Chilean composer and performer, Subhira (Rodrigo Cepeda), who is touring Australia for the first time with his talented quintet, has included the Narara Eco Village on his itinerary.
By Jacquelene Pearson
Subhira spoke to The Point about his 30-year career as a composer who has managed to fuse the ritualistic beats of First Nations South America with classical western music, folk and jazz to create something eclectic and unique that has moved audiences all over the world.
“I live in Santiago Chile, we all do, and we are touring Australia for the first time. The Port Fairy folk festival was the main motivation and from friends here we developed this tour,” Rodrigo Cepeda, whose musical name is Subhira, tells The Point.
“We just performed on Saturday at the Byron Bay theatre, it was fantastic, it was beautiful. We played in Maclean, it was beautiful in the community hall. It was sold out and full of people so it was very nice.
“It was also a beautiful concert as it was a commemoration of one year since the floods.”
Subhira describes himself as a composer.
“I studied undergraduate composition in the modern school of music. I specialised in South American music and then I did a post grad on classical western music. I have focused on Latin American, folk and Jazz and from there I learned to write popular music so I use all the language of the western popular music.”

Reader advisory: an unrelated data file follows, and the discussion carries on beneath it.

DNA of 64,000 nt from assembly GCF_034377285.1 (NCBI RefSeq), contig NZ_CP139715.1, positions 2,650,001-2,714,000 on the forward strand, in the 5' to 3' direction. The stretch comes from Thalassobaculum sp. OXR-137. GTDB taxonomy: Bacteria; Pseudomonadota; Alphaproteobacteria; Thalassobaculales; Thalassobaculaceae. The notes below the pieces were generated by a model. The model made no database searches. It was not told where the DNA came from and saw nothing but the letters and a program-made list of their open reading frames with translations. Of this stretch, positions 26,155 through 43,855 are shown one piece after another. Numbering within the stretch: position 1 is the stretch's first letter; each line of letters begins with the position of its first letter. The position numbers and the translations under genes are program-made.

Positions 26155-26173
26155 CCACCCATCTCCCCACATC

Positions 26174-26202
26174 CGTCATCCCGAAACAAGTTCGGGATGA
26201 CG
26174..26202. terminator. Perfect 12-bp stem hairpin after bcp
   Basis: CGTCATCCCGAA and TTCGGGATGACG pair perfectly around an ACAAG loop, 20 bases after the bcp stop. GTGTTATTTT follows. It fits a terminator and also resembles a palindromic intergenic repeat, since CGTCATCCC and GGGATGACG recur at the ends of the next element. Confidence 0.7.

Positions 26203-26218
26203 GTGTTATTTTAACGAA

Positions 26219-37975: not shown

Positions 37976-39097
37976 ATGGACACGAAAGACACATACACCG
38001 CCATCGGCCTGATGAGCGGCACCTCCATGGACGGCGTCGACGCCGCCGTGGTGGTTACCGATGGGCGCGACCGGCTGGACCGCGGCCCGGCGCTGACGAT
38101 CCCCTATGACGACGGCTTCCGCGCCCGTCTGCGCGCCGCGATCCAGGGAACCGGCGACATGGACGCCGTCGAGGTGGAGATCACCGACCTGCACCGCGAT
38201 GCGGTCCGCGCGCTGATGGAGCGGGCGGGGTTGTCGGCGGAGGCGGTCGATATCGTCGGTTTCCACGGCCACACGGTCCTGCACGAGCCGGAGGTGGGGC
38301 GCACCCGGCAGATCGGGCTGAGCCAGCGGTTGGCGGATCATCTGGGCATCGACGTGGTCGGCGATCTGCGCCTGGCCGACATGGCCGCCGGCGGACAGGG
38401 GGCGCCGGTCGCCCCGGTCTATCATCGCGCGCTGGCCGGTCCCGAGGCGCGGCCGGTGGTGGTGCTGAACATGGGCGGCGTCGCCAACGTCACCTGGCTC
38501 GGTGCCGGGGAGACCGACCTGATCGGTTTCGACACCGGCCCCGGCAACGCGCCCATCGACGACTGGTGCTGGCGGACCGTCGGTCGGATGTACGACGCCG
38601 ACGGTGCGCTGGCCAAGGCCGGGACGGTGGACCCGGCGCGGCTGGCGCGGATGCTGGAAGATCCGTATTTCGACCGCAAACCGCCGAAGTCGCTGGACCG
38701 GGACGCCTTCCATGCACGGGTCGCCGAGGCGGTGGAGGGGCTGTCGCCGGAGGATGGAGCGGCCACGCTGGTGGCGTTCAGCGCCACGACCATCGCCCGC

“I started with the name Subhira in 1989 when I was 19 and I had a band at that time. We released two albums, the first was in 1990. The second in 1993 and in 1995 I released my first album as Subhira. I have had different bands playing the music.”
Subhira describes Chile as “a very interesting culture”.
“It is a mix of huge Spaniard influence but it is also like a multicultural country.
“Many people came from many different parts of the world. And there is local culture. Many first nations. I am very involved with two of them – the Mapuche and the Aymara.
“Mapuche culture is the main tribe of the south of Chile, of all of Chile actually. It is very active. It is a nation that didn’t lose the war against the Spaniard. They beat the Spaniards actually and the Spaniards achieved treaties with them. It was only 200 years ago when Chile became a republic that most of their land was taken.
“Nowadays the Mapuche are very active. They have had their lands taken over since the 1800s. It is a very unfair story. But it is a very unfair story everywhere for First Nations.”
The Mapuche music is very trans and very different – hypnotic, according to Subhira.
“It has another tuning way. It is not temporate like the western music. It is based on the harmonic scale. They don’t have in their language the word musician. The music happens for a ceremony for the whole town, to connect to the higher spirits. So it is very trans music with a very strong rhythm.
“The other is the Andean music from the desert, the music of the Aymara and Quechua who are Inkas. It is very strong with a very particular rhythm. This is the place where the Andean instruments come from, iconic from Peru, Bolivia and the north of Chile. I do nurture from that rhythm for our music also.
“The other influence I would say is jazz and a contemporary classical, progressive sound. We have the band with a full drum set, piano and my keyboard is a Hammond which is iconic from the 1960s combined with a cello and a violin, so there is a strong string part in the music and a flute and they are all classically accomplished musicians in the Quintet. They are high level musicians who play in the symphony orchestra.